Is three weeks a new record? That’s about how long Jay Powell’s performance bought him across most major markets. It was May 17, a Sunday night, when he appeared on 60 Minutes and, pardon me again, lied his ass off. One right after another, starting with the most obvious falsehood that his gang at the Federal Reserve “saw it coming.”
Liquidity moves markets!Follow the money. Find the profits!
It’s hard to square that claim with one bungled measure after another, the central bank’s full “rescue” operation nowhere near what it was in early March by late March. If Powell saw it coming, then why didn’t they have everything ready to go in late February? Why not January? The FOMC still had its upper bound fed funds target set at 175 bps as late as March 2.
The Fed Chairman can’t have you remember it that way because, quite simply, risks abound. He needs you to believe that his institution performed splendidly, even to the point of saving the world yet again. If you buy that, then when confronted with the same negative case in the perhaps near future, maybe you won’t be as panicky this time around.
What most people took away from Powell’s 60 Minutes act, however, was the words “digital printing press.” Oh my, how that played over and over, the world abuzz about the first Fed Chairman who admitted to being kinda reckless about it (thanks, always, to M. Simmons for properly, beautifully doctoring the below screenshot). Flood of dollars and money, hell yeah!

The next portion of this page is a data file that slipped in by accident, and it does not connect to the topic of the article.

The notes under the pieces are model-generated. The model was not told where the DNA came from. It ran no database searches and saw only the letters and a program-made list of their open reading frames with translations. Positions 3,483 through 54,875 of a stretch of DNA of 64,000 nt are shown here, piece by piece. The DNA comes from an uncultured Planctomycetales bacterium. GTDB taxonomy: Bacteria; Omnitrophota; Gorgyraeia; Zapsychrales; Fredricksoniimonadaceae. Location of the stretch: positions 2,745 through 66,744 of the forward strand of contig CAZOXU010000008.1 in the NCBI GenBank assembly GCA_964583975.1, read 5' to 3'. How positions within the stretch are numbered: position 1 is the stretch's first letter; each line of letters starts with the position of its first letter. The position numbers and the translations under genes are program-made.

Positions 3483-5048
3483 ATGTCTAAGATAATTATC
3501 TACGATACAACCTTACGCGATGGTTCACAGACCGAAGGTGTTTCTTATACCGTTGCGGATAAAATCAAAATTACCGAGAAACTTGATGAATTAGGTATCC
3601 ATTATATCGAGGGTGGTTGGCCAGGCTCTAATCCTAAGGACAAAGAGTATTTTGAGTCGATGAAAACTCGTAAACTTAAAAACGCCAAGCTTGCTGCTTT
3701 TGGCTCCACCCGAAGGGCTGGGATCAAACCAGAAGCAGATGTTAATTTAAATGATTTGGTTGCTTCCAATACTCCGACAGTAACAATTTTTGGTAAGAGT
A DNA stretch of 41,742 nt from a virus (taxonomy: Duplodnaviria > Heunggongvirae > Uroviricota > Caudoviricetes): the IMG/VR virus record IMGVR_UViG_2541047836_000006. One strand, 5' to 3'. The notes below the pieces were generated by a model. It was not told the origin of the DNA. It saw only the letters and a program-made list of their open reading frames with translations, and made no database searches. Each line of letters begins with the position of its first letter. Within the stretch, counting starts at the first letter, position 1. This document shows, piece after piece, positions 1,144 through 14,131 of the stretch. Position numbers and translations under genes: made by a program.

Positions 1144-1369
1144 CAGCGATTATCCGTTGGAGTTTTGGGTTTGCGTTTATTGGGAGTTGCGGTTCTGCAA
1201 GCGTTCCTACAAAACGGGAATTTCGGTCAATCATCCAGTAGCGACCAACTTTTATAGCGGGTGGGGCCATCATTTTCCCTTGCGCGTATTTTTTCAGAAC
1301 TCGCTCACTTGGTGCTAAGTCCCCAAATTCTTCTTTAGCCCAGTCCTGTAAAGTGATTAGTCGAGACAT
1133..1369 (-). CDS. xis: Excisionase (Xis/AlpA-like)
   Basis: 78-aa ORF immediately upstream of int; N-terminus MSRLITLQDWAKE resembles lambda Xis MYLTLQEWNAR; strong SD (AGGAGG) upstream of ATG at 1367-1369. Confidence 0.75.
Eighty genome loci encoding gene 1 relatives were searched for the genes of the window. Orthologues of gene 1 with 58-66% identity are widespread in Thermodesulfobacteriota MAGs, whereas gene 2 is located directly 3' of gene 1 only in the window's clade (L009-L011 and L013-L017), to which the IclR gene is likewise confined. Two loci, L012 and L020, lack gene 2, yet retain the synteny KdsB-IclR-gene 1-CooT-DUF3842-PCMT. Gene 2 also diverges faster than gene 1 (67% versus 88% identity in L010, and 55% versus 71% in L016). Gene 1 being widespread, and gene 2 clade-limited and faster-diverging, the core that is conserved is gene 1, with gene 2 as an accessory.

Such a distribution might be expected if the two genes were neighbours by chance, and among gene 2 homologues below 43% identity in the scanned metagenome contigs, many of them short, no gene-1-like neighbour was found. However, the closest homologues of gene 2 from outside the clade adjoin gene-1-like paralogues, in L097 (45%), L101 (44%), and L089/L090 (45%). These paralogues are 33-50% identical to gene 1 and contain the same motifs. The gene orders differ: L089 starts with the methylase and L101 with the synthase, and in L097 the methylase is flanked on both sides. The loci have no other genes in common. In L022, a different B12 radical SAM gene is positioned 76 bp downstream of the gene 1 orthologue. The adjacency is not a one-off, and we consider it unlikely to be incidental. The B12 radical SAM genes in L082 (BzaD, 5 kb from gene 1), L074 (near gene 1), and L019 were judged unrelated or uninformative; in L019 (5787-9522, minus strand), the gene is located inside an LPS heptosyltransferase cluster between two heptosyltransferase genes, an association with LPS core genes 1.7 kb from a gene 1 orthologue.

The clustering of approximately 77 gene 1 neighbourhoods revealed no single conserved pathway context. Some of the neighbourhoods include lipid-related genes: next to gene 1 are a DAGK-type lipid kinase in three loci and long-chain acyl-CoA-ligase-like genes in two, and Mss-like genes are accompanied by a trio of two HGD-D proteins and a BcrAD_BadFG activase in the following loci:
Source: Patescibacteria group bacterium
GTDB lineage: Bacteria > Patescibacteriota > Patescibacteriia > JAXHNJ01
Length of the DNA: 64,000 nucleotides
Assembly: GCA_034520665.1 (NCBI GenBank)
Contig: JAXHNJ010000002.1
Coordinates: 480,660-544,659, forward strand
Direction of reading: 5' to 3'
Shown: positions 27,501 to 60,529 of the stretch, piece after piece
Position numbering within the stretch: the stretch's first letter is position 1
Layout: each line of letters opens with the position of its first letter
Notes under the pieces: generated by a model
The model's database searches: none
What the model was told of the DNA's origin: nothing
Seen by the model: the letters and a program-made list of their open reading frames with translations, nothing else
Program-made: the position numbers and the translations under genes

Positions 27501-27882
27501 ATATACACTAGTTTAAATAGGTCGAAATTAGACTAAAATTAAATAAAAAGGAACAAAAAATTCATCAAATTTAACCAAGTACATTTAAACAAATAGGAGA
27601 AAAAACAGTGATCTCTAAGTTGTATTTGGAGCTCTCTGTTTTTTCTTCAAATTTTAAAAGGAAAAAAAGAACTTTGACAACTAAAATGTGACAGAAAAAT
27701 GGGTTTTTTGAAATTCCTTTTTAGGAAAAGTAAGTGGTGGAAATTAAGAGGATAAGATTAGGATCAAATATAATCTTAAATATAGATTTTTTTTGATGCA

Over the next several weeks, from May 18 (the Monday after) until June 5, even the bond market was drawn in by the puppet show drama. Yields at the always-troubling long end jumped, culminating in a noticeable spike up to June 5.
June 5, you might remember, was Payroll Friday; that Payroll Friday. The BLS had shocked the whole world even more than it was after being spun around by Powell, the government reporting a massive, record-sized gain in US payrolls where analysts had been expecting another historic loss.